Salary hike: Employees in Oman can expect 3% pay rise next year

Image used for illustrative purpose. A man scans his fingerprint before casting his vote at a polling station in Muscat during the Shura Council elections in Oman October 15, 2011. REUTERS/Said Al BahriImage used for illustrative purpose. A man scans his fingerprint before casting his vote at a polling station in Muscat during the Shura Council elections in Oman October 15, 2011. REUTERS/Said Al Bahri

Muscat: Salaries in Oman are expected to rise by three per cent in 2017, according to a survey.

Data from Hay Group Paynet reveals that salaries in Oman grew by four per cent in 2016. Though 2017 may witness a slowdown, salaries are still expected to rise.

In 2016, after adjusting for inflation, salaries grew by 3.1 per cent and will rise in 2017 by 1.8 per cent. Wages are adjusted for inflation by subtracting percentage salary increase with inflation in that particular year.

The data is collected from more than 20 million job holders in 25,000 organisations across 110 countries.

The UAE is set to see the slowest real wage growth of 0.5 percent, followed by Saudi Arabia and Kuwait at 0.8 per cent each, Oman and Bahrain both at 1.8 percent while Qatar will perform the best in the GCC with 2.1 per cent real increase in salary.

Job market has suffered in the GCC region with oil prices falling sharply since 2014. A recent survey by Monster showed a steep decline in job postings. According to a report for job listings in October, Oman posted its first decline in job postings in six months.

According to an HR manager in a leading firm in Oman, job market certainly witnessed a slump with lesser government projects than usual.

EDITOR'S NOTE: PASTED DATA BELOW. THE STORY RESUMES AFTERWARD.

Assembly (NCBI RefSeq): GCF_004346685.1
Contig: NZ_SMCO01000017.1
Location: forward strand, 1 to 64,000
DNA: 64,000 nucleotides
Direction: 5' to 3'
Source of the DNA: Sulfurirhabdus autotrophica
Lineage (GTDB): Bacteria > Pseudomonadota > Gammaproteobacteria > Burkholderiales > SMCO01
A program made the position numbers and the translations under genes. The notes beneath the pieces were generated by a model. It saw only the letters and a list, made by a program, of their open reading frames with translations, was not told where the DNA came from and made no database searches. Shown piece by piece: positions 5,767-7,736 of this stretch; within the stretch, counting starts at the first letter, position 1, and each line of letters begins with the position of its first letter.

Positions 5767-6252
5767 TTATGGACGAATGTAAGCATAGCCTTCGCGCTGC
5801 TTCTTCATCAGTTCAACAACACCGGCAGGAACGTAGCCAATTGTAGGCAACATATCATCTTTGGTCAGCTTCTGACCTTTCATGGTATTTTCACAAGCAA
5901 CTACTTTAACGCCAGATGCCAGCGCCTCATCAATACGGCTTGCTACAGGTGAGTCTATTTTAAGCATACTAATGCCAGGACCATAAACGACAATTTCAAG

“There has been significant restructuring in companies in Oman and that has led to a lot of people losing their jobs. Some people are offered new contracts with lower salaries to increase revenue while retaining manpower. I don’t think such a survey has taken into account decrease in salaries, else it would have been hard to register a four per cent increase in 2016,” he said.

Officials from an HR company said they did not agree with the survey as they haven’t seen any such rise in salaries.

Mohammed Shafiqul Islam Bhuiyan, the general manager of a private company in Muscat, said a lot of companies are finding it tough to pay salaries on time. “But with oil prices going up, there is hope that salaries will increase,” he said.

A managing director of a construction company said there was little likelihood of salaries going up in 2017.

“Many projects are on hold and we don’t know if the situation will continue for long. Sooner or later, the impact will be felt by all the players in the market. Taking this into account, I doubt that companies will afford offering a raise to their employees in 2017,” he said.

“The first quarter of 2017 is very important to Oman. If there is dramatic improvement in the first quarter, then there is a chance,” they admitted.

© Times of Oman 2016

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